My New York world has filled up with babies and talk of babies. This is what happens when you’re thirty one. Even New Yorkers figure out eventually–much too late, in my meddling opinion–that we as a species are here to make babies as well as reputations. I’m delighted by this development. Kids are fun, especially when they’re spawned by people I like.
So I’m now inducted into the art of trying to find meeting places that are good for children. This requires different social hunting skills than I’d previously developed. Halley’s eight-year-old son, Jackson, is big and smart and mobile, so we go iceskating at the Rockefeller Center. Harley’s 18-month-old twins, on the other hand, are mobile but not sensible. In the wasteland of the Upper West Side we take refuge in the kids’ section of Barnes and Noble. The very patient manager allows them to fling the teen novels onto the floor while we sit on the floor and chat. I rib Harley for accidentally picking this generation’s Jennifer to name her little girl: like all the mamas our age, I thought Maya was a great name, too.
Alex has a three-month-old charmer called Gus, and the good fortune to live in Brooklyn. Gus is a sophisticate who has already been to the Met, and has seen most of Manhattan from his sling. So we picked nearby Halcyon, still one of my favourite cafés. There are drapy sofas, unburnt coffees, popping disco lights and, usually, thumping music. People think babies like cheerful colors and teddy-bear friezes. They’re wrong. Babies are essentially young people, and therefore like house music and strobe lights in a semi-darkened room. Halcyon makes no concessions to sprogs. Halcyon is always full of sprogs and their hip, gorgeous parents. The kids lie there in zonked-out bliss, staring at the lights and lolling inanely to the beat. They forget their patriotic duty to be grabby little brats and they become as delightful as Ecuadorian bus babies.
I’m going to make my fortune with a clubbing daycare franchise.
7 thoughts on “New York Breeds”
I’m sure you’re right about Halcyon; unfortunately, I can’t stand the place myself–the music makes me want to kill someone, even if there are no children around.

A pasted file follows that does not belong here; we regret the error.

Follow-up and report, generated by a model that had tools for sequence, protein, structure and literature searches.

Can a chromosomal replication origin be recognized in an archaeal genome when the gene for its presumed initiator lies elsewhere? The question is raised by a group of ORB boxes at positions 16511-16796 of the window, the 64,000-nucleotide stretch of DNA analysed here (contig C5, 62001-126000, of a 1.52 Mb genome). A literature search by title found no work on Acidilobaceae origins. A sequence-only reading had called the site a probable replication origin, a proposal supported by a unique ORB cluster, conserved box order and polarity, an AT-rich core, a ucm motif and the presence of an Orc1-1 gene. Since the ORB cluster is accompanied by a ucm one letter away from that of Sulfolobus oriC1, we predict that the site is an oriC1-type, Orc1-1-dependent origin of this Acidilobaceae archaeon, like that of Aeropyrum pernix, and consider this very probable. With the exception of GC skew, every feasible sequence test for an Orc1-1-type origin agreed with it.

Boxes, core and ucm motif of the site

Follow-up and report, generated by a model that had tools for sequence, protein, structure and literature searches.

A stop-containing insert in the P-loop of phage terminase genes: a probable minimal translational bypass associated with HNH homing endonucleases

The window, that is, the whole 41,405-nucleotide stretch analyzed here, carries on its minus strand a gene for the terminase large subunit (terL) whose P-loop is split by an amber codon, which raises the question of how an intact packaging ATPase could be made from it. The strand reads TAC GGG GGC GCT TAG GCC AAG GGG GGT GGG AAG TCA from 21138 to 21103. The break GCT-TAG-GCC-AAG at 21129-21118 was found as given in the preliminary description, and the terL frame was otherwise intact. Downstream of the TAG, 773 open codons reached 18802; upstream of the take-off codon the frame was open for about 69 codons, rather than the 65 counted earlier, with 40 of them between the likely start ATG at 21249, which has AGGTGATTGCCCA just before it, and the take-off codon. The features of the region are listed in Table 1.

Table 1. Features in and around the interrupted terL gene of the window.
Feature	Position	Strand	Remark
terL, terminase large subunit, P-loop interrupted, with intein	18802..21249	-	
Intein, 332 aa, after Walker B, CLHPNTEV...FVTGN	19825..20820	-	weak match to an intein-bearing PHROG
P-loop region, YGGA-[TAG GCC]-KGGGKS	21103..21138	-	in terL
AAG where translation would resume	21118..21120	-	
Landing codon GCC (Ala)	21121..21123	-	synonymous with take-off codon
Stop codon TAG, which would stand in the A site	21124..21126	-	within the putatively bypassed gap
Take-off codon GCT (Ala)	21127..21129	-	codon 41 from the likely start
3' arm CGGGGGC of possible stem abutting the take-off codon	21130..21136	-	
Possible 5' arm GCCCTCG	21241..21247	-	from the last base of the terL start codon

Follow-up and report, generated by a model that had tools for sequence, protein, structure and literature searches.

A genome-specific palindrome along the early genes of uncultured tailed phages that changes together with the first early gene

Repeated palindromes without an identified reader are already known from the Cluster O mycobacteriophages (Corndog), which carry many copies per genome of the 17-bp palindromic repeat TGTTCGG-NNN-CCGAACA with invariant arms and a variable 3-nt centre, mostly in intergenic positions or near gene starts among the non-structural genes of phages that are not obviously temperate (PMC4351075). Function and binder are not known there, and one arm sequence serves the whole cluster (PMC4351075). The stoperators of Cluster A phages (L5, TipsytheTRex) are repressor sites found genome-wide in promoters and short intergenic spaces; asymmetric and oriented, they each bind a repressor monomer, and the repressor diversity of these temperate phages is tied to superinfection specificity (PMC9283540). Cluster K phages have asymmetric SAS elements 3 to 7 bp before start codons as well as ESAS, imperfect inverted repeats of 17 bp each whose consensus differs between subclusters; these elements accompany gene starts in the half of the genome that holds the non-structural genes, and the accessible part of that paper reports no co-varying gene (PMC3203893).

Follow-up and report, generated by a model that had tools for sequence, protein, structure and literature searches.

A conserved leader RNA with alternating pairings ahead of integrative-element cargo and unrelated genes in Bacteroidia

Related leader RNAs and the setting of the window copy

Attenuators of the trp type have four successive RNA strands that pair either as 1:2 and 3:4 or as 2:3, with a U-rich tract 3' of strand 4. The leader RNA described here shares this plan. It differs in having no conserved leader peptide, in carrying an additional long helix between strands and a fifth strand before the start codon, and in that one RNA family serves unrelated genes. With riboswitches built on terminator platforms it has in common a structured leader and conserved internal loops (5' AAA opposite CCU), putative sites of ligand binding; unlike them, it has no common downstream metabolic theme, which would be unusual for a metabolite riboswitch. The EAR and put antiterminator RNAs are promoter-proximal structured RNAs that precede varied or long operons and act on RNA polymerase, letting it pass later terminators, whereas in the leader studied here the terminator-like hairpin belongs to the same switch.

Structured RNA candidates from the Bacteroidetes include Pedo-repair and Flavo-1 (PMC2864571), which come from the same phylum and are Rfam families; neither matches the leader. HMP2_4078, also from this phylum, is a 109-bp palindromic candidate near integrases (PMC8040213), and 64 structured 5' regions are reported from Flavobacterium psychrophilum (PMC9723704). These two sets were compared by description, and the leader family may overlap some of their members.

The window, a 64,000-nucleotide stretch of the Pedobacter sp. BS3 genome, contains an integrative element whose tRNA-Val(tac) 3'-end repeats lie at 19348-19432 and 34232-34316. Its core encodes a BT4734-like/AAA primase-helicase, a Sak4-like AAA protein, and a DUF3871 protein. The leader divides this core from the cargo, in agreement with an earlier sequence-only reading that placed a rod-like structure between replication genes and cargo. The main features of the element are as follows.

I almost always meet my friend Rachel and her child at the playground that’s catacorner to Magnolia Bakery: cake for us, swings for Rosa. What could be better?
When my California friends came to visit with their sprog in May, we took her to the Fall Café at Smith and Union. It’s always full of brats anyway, so I figured we’d blend. It turned out that our brat was exponentially more obnoxious than all the other kids present, however–more shrieky, more grabby, more mortifying. Exeunt parkward.
I’ve heard that the Two Boots in the EV is extremely kid-friendy, and I know that Veselka is also surprisingly so.
Same’s happening in Dublin — last time I was there, a few of us met up for lunch, and a full quarter of the attendees were under 4 years old. Turns out stripped-pine-and-noodles Wagamama is really kiddie-friendly — I never realised!
sprog: http://www.thefreedictionary.com/sprog (2nd meaning btw.)
John Peel on naming sprogs: http://www.bbc.co.uk/radio4/hometruths/giveasprogabadname.shtml
Thanks, Justin! I surmised the meaning, just was curious about the derivation. Appreciate the link.
I like to think of it as an irreverent combination of progeny and spawn. Rugrat is probably the closest American term, but it’s not quite disparaging enough.
I usually refer to them as “sprouts” (with the singular pronoun “it,” up to about age nine), but I’ve admired the term “sprog” for some time.
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